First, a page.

How will the news industry look in 2031?

10 years ago, Twipe was founded. It was a grim period for newspapers. The mood at the first industry conferences I attended was pessimistic. Today, 10 years later, the industry is booming. Publishers see promising results from their strategies to build sustainable reader revenues. With annual revenues above 20 billion dollars, digital is a significant part of the global newspaper business.

Whilst many challenges remain open, the future is at the same time bright and uncertain.

How will the next 10 years in news look like?  How can the news industry contribute to a better world? Most importantly, what can we do together to shape those next 10 years? This is the central theme of our next Digital Growth Summit in September.

Tech giants want a big piece of the cake

In 2031, new technologies will have pervaded our lives. Virtual and Augmented Reality will create new user experiences, mixing our physical world with almost real-life virtual experiences. Mobility will be redefined by self-driving vehicles. Powered by AI, virtual personal assistants and coaches will guide our lives. Virtual currencies may become more mainstream and enable new forms of digital content consumption.

With their unlimited financial resources and fine-grained access to data and consumption patterns, the tech giants Apple, Google, Facebook and Amazon will do everything possible to leverage those new technologies to establish large news audiences. As Jeff Bezos put it “You need daily products to build a large business”. News happens to be in this category. The strong growth of Apple News in the US, currently already reaching 30% of the US population, is a strong threat in that market. Analysts believe Apple News could reach 19 million subscribers in 2023, generating over 2 billion USD in revenues.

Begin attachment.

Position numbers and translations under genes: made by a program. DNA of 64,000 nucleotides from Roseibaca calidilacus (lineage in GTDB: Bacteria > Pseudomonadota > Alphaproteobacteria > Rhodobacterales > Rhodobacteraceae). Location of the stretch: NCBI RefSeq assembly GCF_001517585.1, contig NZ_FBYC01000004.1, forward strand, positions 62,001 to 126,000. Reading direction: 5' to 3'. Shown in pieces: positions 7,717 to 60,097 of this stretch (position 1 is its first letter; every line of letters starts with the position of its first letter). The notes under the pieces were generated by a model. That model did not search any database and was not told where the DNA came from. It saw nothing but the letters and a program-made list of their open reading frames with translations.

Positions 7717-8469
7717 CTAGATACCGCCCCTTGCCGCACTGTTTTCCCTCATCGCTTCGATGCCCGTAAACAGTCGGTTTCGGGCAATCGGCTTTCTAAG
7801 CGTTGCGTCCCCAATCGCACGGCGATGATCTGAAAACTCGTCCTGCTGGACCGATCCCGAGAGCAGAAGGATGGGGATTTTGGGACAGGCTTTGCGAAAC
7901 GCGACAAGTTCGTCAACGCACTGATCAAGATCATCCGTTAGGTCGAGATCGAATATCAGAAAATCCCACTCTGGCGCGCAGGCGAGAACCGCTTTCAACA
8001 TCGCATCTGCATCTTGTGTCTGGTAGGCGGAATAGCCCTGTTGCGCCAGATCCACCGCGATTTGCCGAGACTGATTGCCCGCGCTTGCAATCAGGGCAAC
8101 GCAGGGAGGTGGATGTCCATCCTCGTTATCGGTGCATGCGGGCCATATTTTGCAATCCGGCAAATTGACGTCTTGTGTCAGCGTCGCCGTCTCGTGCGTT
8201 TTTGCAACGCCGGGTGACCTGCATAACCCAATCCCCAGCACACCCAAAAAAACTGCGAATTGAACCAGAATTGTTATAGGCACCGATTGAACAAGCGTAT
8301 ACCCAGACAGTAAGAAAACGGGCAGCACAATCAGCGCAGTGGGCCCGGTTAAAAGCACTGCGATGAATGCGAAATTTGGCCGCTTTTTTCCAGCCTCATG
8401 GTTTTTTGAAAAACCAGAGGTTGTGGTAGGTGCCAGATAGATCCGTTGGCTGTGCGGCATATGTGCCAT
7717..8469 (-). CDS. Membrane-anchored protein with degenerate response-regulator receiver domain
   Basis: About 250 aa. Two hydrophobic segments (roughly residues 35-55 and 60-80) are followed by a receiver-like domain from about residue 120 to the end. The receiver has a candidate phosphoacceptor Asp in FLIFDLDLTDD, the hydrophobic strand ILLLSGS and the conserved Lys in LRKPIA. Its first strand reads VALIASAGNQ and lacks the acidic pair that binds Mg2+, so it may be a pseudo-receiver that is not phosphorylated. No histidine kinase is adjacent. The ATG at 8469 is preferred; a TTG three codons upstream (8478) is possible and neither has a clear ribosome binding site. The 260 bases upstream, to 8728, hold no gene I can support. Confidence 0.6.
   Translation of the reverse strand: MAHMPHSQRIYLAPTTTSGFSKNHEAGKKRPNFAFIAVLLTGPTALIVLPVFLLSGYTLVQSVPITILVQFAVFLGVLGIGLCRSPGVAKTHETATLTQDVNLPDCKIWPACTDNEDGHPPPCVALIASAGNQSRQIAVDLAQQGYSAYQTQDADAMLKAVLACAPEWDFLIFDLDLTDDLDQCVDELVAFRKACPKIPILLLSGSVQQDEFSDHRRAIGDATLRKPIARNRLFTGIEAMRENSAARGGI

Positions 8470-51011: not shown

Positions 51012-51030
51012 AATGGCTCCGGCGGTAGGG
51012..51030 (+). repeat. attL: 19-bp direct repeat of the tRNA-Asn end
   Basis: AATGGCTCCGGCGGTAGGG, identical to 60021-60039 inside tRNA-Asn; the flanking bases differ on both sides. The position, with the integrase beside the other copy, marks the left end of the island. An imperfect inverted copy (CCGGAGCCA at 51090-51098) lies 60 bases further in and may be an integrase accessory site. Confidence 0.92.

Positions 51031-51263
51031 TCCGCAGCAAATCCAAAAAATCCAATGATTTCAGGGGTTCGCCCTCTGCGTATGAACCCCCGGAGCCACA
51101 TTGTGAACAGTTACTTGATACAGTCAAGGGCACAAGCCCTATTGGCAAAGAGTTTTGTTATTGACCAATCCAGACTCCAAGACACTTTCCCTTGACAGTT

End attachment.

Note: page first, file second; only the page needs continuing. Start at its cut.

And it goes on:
The news industry lacks these deep pockets and holds a partial view on consumer’s data. To ensure future sustainability, the challenge will be, more than ever, to build direct audiences and decrease dependency on tech giants. Building up strong brands, combined with smart use of the tech platforms’ reach, will be a critical factor of success.

Through international collaboration, joint technology investment will be needed to build up product development and engineering capability to match the scale and expertise of the tech giants. Collaboration will also be required to protect publishers’ interests towards tech giants and policy makers. In solidifying the link between publishing and tech, the recent election of Kirstin Skogen Lund, CEO of Schibsted, as President of the European Tech Alliance (EUTA) is a great example. We are very honoured to have Kristin amongst our distinguished speakers at the Digital Growth Summit.

Acid test for the industry as Gen Z matures

With an ageing population becoming more digitally savvy and having a higher income and life expectancy, new opportunities arise to create engaging news consumption experiences. This will especially be true in Western European countries, which already have a long tradition of providing trustworthy, high quality and paid-for news experiences. Netflix, YouTube Premium and Spotify have already well understood this opportunity. They invest heavily in original content like documentaries and establishing exclusive contracts with celebrities like Barack Obama and Harry & Meghan. They target the same wealthy audiences which traditional newspapers have had as paid subscribers for many years. What will and can the newspaper industry do to counter this?